Demons. Zach Gehring’s project. Guitarist for Mae. Harder edged. No expectations or pressure — just play. Side band.
You know who else has a side band? Slash. And no one cares. Why? Because it sucks.
It doesn’t matter how legendary Slash is. A band can either bring it or it can’t. All the backstory in the world isn’t going to save you if your band sucks. Either you can write great songs or you end up playing free shows in the Summer on some godforsaken beach somewhere. Guns and Roses reunites and all hell breaks loose, but no one can tell me the last time the Snakepit played in this town. Well, no.. I’m sure someone reading this will pop off with a date, a setlist, and a list of reasons on why my Mother shouldn’t have had me because I’ve just mortally offended the half dozen fans they’ve managed to hang onto. Doesn’t matter. They still suck.
It is of no consequence if you used to write great songs with some other band. That was then. This is now. And if you aren’t writing great music in the present? Your band is terrible. The end. Too bad for you. There’s seventeen billion different combinations of people making music out in the world these days. If you can’t give me a decent record right now? I’m off to the next. It’s a cold, cruel life. What can I say?
That being what it is? Demons totally brings it. And their new album fucking rocks.
We already knew that Demons is the best live band in the city, bar none. The Norfolk four piece is profoundly anchored by Drew Orton, arguably the greatest hardcore drummer ever to pick up sticks in the 757. Add to that a rock solid groove laid down by bassist Jon Anderson, who provides the underpinning for the sonic theatrics of Chris Matthews and an overall orchestration by Norfolk’s Philosopher King, Zach Gehring — who is oftentimes interesting as hell. “Embrace Wolf” proves that whatever the initial thoughts concerning this band’s trajectory as expressed at its inception? This is no flash in the pan. This is a project that deserves life beyond a status as a side-whatever. There’s magic happening here. Alchemist madness fueled through a commitment to leave nothing behind either on stage or in the studio. This is a band that should be touring nationally. A group that could have gone toe to toe with anything SST Records put out back in the day.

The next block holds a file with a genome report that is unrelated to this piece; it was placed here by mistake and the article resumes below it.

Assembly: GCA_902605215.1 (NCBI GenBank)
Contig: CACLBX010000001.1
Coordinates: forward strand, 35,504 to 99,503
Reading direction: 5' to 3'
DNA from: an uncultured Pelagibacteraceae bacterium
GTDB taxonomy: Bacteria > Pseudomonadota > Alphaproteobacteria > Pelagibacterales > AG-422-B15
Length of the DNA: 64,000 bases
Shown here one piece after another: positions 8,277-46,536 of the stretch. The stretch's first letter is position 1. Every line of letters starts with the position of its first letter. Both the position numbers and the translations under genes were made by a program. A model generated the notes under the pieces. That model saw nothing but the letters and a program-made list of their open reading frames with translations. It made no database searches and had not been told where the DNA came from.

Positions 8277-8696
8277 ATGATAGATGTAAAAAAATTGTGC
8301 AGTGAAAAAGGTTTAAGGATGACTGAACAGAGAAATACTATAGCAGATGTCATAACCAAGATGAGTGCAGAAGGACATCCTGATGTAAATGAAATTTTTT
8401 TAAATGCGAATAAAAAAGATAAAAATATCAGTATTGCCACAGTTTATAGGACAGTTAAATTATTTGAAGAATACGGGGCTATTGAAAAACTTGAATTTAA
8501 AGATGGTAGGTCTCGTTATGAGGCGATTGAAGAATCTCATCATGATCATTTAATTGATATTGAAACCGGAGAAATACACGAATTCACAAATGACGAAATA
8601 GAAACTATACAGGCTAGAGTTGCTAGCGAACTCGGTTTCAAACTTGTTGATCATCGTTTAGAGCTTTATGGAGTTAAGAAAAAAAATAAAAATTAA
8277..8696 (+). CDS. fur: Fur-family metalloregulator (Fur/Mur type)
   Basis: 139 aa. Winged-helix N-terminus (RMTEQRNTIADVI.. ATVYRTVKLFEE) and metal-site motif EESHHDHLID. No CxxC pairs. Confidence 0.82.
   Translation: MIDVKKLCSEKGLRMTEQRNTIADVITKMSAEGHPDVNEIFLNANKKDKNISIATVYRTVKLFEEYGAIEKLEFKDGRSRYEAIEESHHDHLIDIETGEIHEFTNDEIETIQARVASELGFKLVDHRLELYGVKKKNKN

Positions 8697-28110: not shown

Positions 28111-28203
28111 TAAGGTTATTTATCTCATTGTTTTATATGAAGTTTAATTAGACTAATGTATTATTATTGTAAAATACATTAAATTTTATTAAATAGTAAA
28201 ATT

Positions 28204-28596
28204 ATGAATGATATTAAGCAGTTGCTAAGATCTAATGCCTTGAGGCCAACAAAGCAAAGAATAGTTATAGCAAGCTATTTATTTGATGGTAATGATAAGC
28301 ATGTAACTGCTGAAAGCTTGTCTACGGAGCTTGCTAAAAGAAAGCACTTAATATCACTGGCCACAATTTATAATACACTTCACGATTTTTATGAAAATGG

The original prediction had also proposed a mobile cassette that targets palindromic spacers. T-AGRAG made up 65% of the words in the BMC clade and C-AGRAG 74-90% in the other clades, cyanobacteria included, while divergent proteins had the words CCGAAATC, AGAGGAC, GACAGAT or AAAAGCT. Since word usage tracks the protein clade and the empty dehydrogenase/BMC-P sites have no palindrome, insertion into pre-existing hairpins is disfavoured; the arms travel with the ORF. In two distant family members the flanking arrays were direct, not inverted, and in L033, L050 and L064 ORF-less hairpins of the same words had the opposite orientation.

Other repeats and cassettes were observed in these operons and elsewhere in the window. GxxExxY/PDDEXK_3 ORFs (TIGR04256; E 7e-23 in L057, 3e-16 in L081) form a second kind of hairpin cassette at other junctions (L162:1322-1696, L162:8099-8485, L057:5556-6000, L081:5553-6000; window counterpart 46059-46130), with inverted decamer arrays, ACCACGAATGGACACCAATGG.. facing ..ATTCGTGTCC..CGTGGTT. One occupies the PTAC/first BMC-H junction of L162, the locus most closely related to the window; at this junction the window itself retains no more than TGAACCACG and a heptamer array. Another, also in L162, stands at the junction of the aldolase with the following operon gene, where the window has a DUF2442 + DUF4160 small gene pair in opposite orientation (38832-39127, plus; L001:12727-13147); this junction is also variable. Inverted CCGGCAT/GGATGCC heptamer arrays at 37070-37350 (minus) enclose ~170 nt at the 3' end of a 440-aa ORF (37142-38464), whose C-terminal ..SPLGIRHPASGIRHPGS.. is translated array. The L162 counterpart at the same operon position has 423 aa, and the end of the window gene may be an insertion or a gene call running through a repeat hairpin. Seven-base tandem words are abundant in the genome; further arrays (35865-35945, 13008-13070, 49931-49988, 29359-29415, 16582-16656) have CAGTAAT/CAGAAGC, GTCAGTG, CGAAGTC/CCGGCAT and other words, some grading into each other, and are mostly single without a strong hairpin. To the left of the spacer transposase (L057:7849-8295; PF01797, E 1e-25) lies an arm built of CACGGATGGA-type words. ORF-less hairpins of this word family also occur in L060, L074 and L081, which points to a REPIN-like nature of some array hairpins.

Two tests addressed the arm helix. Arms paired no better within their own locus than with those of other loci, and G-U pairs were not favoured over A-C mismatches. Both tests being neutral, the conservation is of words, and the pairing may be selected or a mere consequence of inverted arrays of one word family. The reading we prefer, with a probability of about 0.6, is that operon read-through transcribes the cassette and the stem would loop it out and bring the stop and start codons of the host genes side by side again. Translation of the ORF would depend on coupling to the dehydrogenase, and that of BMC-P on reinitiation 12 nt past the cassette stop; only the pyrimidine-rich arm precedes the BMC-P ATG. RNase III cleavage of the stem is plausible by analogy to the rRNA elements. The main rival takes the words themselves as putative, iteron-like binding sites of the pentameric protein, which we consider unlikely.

The ad copy on this denotes it as a debut album. I’m not sure I understand why the previous (and equally excellent) “Great Dismal” EP fails to qualify as their debut record, but whatever. There’s growth here. Ostensibly, the entire concept behind Demons is about Gehring exorcising his heavier instincts, which most of the time don’t really find a release with Mae. The sound, with a few exceptions, more fully embraces the Punk component of its Post-Punk heritage. Pushing off with the faintest echo of some Bad Brains kicking out the jams, it quickly shifts into a gear that would easily complement the heyday of Bad Religion or Fugazi.
At the same time, there’s a continuation of faint threads of a Proto-Seattle sound merged with a slight Queens of the Stone Age influence already established by their 2015 release. This record manages both cleaner than the first, while incorporating some surprisingly lush sound-play. It plays a neat trick in coming across as both dense and brash in equal measures. Matthews is given turns at vocals on “Always Your Own” and “Nobody Loves You the Way You Are.” I don’t have liner notes so it’s hard to tell who’s singing what where, but it seems like this album is spreading the vocal work evenly between its two guitarists. “Decibel Farmer,” a throwback to a more SoCal flavor, is a personal favorite of mine. And while Orton’s work is consistently excellent across the board, he especially shines on “Wish.”
Look.. I could go on and on, but the long and the short of it is: This is a badass record.
You should go out and buy it.
This isn’t a side band at all. This is meat and potatoes.
And it deserves your full attention.